Military Postal Service Agency (MPSA)

Hailing from Arlington, Virginia, the MPSA is based out of the National Capital Region, as a DRU helping ensure that the entire process of sending and receiving mail for official channels of the DoD continues to be effective.

U.S. Army Acquisition Support Center (USAASC)

The USAASC is a DRU out of Fort Belvoir, VA, reporting directly to the ASA (ALT). Its primary role is to enhance the Army's readiness by advancing the Army's capability across all phases of materiel development, fostering the professional growth of acquisition personnel, and providing support to the acquisition community at all levels.

U.S. Army Corps of Engineers (USACE)

The Corps of Engineers may be headquartered out of Washington D.C., but its reach ranges from the battlefield and throughout the country itself. You’ll find the DRU doing everything from constructing necessary structures for the Army to helping produce engineering projects that help with transportation and commerce within the U.S.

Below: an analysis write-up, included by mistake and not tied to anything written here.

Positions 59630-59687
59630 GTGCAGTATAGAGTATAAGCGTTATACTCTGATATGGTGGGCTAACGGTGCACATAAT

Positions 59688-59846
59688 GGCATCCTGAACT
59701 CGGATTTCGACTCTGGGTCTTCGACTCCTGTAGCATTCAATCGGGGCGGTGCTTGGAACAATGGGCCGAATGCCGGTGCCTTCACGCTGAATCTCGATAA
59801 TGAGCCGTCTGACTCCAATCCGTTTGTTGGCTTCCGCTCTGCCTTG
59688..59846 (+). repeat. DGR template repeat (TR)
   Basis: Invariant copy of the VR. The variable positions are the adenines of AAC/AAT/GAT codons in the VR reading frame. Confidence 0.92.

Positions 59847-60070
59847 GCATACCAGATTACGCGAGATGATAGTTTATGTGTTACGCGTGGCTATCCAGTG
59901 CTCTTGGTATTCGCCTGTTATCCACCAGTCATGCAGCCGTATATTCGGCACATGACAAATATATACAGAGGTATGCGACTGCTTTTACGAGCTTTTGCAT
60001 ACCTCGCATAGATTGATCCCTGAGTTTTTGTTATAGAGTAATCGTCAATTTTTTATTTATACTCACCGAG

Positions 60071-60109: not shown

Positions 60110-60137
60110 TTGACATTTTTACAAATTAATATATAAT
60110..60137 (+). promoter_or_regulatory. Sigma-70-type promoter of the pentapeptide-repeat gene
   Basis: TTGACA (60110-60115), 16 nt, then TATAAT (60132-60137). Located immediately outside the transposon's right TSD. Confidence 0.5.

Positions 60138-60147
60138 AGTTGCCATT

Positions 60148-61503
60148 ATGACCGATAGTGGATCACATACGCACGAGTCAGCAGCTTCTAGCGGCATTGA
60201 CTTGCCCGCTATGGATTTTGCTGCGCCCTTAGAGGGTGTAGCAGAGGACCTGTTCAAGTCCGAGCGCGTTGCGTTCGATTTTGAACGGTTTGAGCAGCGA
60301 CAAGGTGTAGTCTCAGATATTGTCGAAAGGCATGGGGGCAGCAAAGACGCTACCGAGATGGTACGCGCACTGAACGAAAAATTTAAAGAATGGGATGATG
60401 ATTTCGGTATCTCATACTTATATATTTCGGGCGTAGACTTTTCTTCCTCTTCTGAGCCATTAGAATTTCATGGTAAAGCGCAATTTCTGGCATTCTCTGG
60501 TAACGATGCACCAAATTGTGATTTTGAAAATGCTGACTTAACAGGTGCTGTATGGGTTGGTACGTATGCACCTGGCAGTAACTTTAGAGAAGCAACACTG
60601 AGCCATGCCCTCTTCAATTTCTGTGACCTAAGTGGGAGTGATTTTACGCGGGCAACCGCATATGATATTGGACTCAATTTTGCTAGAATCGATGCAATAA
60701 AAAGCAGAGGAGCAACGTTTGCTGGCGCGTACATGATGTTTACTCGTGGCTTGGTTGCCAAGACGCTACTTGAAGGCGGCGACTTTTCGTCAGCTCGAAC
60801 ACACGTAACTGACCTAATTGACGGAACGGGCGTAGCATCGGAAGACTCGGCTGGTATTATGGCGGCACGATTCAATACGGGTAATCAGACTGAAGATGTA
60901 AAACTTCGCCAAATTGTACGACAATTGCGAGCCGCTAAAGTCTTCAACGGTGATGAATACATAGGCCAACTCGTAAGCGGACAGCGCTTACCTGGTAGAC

U.S. Army Criminal Investigation Division (USACID)

USACID is a DRU found under the Secretary of the Army. Its primary responsibilities include conducting sensitive or special interest investigations, providing personal security to designated DoD and Department of the Army officials, offering criminal investigative support to all Army elements, controlling Army investigations of controlled substances, and conducting Army investigations of serious crimes, less serious crimes, and fraud, as well as other crimes in Army procurement activities. Its headquarters is in Quantico, VA.